'Pai Dao Din' to serve 2½ years
published : 15 Aug 2017 at 15:19
updated: 15 Aug 2017 at 23:32
writer: Online Reporters
Jatupat “Pai Dao Din” Boonyapatraksa has been sentenced to five years in jail, commuted by half because he confessed.
The Khon Kaen Court passed the ruling on Tuesday afternoon after his lawyer revealed Jatupat had decided to confess. As of Tuesday, he was detained for 237 days.
Jatupat was charged with lese majeste and violating the computer crime law for sharing on Dec 2 last year a BBC Thai Facebook biography of His Majesty the King, which was also shared by around 2,800 others at the time. He also quoted it on his Facebook account without adding any comment.
The law student activist was brought to court at 9am on Tuesday for the second hearing of prosecution witnesses which, like the first day, was to be conducted in-camera.
Shortly after Jatupat entered the courtroom, his lawyer came out to tell his parents that the ruling would be delivered in the afternoon because Jatupat had confessed before the examination of witnesses began.
His parents declined to comment.
Jatupat, 26, is a member of Dao Din, a human rights student activist group based in the Northeast, which had joined activities with villagers affected by development projects. Shortly after the 2014 military coup, the group staged protests against the junta.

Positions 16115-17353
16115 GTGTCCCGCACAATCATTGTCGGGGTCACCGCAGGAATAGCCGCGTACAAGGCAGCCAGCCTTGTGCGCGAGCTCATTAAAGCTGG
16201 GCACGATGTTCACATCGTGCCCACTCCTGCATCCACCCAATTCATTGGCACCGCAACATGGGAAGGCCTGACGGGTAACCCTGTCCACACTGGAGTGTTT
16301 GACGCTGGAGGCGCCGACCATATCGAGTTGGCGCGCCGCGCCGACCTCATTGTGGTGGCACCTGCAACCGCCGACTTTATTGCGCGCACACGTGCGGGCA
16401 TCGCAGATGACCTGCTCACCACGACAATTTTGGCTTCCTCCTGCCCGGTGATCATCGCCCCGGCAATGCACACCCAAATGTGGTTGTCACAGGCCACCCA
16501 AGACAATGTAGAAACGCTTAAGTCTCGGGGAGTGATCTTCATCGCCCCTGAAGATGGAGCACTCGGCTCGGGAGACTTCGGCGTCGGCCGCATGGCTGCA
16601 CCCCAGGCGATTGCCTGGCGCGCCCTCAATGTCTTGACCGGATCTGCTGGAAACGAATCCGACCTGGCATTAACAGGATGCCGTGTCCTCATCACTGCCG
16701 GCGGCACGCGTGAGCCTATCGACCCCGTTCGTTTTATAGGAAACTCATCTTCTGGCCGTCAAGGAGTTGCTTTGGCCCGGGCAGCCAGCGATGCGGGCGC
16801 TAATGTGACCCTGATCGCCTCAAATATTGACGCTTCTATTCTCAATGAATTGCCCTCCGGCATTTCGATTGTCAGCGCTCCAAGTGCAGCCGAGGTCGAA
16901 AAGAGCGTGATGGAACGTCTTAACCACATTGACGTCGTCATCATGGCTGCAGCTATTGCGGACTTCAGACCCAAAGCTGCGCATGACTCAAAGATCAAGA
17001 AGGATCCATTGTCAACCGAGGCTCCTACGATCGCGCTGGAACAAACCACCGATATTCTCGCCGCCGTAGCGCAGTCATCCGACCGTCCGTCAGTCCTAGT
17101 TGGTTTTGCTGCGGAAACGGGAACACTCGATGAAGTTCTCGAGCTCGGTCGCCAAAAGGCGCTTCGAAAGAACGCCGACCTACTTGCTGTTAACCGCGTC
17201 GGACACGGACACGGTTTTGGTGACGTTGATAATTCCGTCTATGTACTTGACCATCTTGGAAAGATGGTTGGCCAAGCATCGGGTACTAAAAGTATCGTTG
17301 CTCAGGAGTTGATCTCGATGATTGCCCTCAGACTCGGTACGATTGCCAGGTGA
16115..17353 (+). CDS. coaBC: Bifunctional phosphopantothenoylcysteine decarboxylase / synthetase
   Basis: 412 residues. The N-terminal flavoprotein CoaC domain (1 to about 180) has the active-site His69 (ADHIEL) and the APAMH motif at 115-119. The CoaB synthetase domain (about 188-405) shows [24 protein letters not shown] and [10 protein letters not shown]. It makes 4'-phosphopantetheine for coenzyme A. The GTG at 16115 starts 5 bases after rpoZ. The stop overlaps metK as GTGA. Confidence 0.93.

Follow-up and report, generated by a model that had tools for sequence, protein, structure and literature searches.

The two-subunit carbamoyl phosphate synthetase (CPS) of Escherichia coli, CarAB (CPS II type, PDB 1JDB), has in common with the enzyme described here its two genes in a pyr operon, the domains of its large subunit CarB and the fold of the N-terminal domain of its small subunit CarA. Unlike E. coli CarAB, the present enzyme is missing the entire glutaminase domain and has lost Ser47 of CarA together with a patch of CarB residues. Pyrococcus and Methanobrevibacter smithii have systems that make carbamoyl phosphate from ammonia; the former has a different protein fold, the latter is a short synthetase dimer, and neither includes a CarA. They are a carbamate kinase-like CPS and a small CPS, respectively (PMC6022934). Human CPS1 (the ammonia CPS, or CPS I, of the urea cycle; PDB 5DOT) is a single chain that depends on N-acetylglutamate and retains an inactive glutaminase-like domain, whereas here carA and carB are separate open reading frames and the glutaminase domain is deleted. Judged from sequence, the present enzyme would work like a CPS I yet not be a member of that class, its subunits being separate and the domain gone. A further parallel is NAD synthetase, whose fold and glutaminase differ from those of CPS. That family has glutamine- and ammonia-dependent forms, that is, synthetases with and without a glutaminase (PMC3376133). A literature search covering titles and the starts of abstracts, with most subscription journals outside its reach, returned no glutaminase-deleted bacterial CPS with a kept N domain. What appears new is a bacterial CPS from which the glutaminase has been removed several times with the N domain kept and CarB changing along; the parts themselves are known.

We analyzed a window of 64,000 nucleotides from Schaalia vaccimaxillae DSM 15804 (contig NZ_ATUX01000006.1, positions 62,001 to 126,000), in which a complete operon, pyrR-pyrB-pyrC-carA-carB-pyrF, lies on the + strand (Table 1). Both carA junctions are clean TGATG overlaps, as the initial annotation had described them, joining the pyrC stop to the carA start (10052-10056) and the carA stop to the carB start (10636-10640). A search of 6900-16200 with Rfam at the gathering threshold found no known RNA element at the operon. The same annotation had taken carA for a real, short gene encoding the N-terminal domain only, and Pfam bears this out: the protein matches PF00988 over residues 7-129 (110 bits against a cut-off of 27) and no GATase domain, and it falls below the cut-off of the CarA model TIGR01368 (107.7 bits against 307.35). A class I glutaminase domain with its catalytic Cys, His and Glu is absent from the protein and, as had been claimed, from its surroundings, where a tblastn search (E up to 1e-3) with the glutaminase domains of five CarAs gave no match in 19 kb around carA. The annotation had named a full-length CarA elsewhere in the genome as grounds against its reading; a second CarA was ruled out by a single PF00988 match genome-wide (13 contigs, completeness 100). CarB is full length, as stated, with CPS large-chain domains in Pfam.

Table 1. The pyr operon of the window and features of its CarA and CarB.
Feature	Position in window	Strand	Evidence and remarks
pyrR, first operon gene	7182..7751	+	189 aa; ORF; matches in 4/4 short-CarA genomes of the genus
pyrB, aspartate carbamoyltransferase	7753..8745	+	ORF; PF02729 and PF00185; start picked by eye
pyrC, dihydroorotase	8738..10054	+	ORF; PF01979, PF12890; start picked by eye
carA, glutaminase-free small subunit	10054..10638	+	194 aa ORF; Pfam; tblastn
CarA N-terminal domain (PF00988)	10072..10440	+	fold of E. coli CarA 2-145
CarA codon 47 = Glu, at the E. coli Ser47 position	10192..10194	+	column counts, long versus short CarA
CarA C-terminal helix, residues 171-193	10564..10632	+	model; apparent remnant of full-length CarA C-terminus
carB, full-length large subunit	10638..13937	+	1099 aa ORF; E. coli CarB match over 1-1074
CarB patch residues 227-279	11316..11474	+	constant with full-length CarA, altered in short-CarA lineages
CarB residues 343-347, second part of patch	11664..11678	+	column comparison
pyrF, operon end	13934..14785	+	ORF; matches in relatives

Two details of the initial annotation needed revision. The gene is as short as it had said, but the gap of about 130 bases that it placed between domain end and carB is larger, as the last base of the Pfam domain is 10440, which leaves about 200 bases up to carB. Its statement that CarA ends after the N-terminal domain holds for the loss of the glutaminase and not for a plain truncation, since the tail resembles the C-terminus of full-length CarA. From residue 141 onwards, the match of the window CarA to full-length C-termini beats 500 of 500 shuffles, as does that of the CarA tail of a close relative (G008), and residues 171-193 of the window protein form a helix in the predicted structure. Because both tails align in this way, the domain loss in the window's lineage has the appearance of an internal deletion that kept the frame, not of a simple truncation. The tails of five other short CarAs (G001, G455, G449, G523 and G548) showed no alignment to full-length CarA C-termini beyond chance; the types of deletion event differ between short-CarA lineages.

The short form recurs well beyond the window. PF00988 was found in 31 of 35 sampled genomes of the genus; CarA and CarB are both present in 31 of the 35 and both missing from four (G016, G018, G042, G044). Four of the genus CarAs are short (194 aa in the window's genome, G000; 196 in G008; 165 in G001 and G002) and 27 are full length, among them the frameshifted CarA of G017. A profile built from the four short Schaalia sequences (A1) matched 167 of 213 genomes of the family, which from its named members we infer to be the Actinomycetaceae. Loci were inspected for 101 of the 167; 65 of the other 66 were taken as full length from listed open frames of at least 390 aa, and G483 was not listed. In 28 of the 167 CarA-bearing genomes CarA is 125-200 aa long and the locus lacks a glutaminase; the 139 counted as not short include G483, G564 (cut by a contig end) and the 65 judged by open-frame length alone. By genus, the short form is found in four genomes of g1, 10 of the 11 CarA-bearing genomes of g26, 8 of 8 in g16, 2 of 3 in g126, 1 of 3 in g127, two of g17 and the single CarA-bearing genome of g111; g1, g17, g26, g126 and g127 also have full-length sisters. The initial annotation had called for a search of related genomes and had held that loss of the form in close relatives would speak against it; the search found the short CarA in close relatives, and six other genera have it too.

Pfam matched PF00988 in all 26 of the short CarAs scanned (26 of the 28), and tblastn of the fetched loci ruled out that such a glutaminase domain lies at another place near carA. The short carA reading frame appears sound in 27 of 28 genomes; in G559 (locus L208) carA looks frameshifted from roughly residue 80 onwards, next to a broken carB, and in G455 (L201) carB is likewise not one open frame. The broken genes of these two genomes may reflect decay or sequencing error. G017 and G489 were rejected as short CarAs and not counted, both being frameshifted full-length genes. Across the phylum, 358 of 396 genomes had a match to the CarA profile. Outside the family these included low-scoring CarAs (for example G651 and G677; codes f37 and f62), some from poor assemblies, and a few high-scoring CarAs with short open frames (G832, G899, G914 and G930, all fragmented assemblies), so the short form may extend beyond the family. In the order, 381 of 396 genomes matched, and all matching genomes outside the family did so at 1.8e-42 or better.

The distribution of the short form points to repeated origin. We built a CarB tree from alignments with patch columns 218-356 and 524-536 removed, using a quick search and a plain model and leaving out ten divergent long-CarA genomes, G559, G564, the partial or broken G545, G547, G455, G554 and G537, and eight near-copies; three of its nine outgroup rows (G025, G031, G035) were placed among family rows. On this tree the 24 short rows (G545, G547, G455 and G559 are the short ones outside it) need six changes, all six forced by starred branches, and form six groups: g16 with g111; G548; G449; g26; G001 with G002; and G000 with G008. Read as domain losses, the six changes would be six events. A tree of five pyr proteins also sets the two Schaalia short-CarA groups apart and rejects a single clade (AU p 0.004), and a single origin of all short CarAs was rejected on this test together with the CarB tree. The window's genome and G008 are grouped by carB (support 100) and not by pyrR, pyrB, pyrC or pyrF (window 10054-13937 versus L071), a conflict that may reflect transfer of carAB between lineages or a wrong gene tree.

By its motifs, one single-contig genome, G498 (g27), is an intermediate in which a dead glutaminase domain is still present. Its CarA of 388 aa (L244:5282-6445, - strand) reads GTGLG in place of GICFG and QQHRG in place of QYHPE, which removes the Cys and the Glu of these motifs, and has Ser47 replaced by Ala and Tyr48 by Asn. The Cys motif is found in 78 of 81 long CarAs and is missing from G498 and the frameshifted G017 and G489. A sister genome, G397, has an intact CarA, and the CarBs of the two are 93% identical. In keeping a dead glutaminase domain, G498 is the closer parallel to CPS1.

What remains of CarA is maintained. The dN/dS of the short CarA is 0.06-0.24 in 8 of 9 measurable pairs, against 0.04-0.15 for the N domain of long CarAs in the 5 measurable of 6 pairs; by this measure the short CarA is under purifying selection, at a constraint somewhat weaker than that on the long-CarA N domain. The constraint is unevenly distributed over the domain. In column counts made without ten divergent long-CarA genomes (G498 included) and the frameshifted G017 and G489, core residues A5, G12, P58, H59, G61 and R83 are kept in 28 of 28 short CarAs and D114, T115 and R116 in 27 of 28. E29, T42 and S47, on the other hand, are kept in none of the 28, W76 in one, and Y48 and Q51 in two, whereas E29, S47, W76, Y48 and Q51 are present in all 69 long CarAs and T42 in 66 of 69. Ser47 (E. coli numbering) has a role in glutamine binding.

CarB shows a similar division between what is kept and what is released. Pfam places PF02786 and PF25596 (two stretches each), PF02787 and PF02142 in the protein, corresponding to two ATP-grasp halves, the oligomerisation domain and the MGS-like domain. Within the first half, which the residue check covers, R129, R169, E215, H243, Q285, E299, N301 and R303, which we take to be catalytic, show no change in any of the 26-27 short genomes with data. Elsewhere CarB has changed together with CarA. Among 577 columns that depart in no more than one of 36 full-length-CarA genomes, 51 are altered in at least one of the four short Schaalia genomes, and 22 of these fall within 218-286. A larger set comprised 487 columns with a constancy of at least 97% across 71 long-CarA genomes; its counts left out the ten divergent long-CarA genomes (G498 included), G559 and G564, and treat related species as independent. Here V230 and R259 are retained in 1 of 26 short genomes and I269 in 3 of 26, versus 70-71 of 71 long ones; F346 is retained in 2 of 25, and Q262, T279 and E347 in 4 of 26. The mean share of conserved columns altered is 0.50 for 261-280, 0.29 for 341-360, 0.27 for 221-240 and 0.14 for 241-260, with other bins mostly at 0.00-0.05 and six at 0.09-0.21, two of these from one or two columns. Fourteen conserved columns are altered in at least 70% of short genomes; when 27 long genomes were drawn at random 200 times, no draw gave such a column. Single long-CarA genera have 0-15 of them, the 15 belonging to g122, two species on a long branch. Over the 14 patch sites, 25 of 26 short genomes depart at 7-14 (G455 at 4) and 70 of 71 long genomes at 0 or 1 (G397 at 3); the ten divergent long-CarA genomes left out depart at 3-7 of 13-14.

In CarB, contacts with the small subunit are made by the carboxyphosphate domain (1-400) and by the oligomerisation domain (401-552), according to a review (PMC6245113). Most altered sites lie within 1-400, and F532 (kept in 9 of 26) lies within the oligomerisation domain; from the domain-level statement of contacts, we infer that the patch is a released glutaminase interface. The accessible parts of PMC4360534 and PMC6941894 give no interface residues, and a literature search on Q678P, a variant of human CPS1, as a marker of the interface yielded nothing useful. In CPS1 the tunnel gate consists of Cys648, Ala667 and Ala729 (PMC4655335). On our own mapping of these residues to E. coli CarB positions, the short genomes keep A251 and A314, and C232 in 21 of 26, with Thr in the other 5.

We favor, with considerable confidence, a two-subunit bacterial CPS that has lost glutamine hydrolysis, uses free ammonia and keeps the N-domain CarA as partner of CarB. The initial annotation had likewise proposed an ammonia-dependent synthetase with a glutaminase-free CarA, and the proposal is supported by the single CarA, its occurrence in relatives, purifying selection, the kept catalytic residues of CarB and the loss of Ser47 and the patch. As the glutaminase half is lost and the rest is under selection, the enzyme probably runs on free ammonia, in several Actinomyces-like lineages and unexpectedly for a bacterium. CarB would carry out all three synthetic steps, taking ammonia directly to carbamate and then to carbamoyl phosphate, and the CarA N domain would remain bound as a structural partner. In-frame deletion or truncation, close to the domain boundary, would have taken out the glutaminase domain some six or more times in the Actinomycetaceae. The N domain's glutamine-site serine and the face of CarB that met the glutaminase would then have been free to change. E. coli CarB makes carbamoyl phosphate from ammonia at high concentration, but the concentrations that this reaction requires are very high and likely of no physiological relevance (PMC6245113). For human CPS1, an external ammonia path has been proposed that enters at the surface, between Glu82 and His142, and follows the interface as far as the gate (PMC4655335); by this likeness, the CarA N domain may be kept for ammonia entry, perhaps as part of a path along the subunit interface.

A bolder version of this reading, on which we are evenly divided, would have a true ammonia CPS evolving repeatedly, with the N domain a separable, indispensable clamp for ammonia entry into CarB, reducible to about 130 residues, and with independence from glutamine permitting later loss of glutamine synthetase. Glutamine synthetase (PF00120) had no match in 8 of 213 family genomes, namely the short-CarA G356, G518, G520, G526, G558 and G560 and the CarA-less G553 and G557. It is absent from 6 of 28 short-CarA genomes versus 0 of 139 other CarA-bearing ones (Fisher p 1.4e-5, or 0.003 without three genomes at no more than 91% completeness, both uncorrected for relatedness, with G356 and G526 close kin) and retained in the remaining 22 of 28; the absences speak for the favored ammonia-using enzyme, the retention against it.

He was arrested in Chaiyaphum on Dec 3 last year on a warrant based on a complaint filed by Lt Col Phitakphon Chusri, deputy chief of the Operations Directorate at the 33rd Military Circle in Khon Kaen province.
At the time, Jatupat was facing four other lawsuits, all for opposing the military junta.
He denied all charges. He was moved to Khon Kaen the next day and the court granted him bail on a 400,000-baht surety.
His bail was revoked on Dec 22 last year. The court decided he had made satirical Facebook comments challenging authorities and failed to delete the original post of the king's profile.
His 10 subsequent bail requests were denied. His trial began on June 30 this year.
In mid-April 2017, Jatupat was awarded the 2017 Gwangju Prize for Human Rights, selected by the May 18 Memorial Foundation of South Korea.